Tuesday, August 09, 2005

Primedia Business sold to Wasserstein

It's over.
And yet little has changed.
Primedia Business has been sold to yet another New York-based buyout firm. The seller, of course, was KKR. When I was an executive at Primedia Business, it was the folks at KKR who were in charge. And I found them to be -- almost entirely -- a repulsive group. KKR's chosen would gather in the executive dining room and complain whenever Primedia Business' workforce seemed unwilling to sacrifice more wages and time to further enrich KKR's investors. My time at Primedia Business was an endless series of meetings with people who genuinely disliked each other. And it was clear to me that KKR set that contemptuous tone.
Primedia Business' new owner is Wasserstein & Co., a private equity firm that also owns "The Deal." I know nothing about Wasserstein. And I would urge everyone at Primedia Business to try and maintain a positive attitude during these next few weeks. Perhaps Wasserstein will turn out to be a more skilled leader than KKR.
But I'll confess that I have little faith. Readers of this blog know that I dislike the management style of Wall Street. And I am saddened each time a B2B publisher is purchased by a private equity fund or leveraged buyout firm.
I prefer a different style of owner -- dedicated more to the product, the workers and the customers than to money.
It was years ago that I first came across the work of management guru W. Edwards Deming. Deming believed the purpose of a business isn't to make money. Rather, the purpose of a business is to stay in business so it can provide jobs. In Deming's model, profit is an intermediate goal, not a final purpose. In other words, Deming believed a company owed more to its stakeholders than to its shareholders. Deming's work has fallen from favor in recent years -- pushed to the side by stock booms, junk bonds, IPOs, LBOs and EBITDA.
I'd like to think that Wasserstein sees more in Primedia Business than cash flow. But a look at Wasserstein's Web site does little to encourage me. There's not a word about employees; there's no mention of products; there's no discussion about running a business. But there's plenty of talk about managing investments.
FULL DISCLOSURE: I'm the former vice president for online content at Primedia Business. Also, during this past weekend I took on a small, short-term consulting arrangement with Primedia Business.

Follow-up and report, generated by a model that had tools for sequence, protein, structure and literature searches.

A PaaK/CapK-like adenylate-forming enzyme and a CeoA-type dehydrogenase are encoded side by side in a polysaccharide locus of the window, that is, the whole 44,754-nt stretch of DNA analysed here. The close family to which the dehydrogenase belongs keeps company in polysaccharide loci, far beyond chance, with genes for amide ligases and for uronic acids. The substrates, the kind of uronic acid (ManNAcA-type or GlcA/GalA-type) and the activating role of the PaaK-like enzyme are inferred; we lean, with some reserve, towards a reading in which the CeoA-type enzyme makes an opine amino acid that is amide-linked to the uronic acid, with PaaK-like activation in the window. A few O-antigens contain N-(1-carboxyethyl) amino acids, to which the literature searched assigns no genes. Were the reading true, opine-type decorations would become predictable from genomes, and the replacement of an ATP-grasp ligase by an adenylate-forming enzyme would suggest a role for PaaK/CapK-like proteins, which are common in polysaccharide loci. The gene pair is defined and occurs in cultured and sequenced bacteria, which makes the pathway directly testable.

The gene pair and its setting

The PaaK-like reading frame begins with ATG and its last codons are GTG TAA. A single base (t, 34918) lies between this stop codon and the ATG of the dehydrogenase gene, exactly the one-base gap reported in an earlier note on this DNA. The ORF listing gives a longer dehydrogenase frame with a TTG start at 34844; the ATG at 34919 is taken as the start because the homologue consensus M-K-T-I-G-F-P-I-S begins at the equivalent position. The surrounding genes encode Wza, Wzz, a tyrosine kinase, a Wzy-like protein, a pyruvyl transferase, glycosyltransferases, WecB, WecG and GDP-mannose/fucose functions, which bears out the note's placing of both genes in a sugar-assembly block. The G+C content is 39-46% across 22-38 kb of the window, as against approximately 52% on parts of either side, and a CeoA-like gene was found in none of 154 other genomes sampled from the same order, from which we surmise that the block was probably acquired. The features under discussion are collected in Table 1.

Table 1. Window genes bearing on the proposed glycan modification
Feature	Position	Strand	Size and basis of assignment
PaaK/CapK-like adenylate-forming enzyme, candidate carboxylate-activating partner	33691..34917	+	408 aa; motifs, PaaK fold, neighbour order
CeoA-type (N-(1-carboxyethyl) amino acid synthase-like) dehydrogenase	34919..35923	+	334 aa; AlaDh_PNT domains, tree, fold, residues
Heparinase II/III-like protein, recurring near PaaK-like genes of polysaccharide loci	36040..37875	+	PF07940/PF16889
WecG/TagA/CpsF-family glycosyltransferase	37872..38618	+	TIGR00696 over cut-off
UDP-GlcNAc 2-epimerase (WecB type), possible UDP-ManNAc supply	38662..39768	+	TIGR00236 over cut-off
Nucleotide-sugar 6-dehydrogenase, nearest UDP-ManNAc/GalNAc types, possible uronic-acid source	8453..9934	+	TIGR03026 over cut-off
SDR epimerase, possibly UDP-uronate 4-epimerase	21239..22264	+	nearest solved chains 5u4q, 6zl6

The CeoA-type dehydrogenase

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12 comments:

  1. Actually, I'd disagree with Deming and say that the purpose of a business is to provide a product or service that people want. I guess that would go without saying. But if you aren't interested in serving a need, why bother?

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  2. Have you noticed that Folio's web site is not functioning today? Wonder if that's related to the Primedia sale, or just technical difficulties.

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  3. Hi Martha,
    I hadn't noticed the problem with Folio magazine's site. Things were working fine earlier today. But you're right, the site is down now.
    I can't imagine that has anything to do with the sale. Red7 runs Folio now, although Primedia Business has a stake in the operation.
    But I suppose anything is possible.

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  4. Doug ShoreAugust 09, 2005

    Paul,

    Without disagreeing that KKR made a hash of Primedia Business, I don't believe it is fair to trash all private equity firms.

    With 35 years in B-to-B media, I have been a partner in a privately held, family-controlled company, a partner in a privately held company with both family and non-family partners, a partner in a private-equity-controlled company, and an employee of two publicly traded, European-based companies. I have also competed against, and bought magazines from and sold magazines to companies with all varieties of ownership.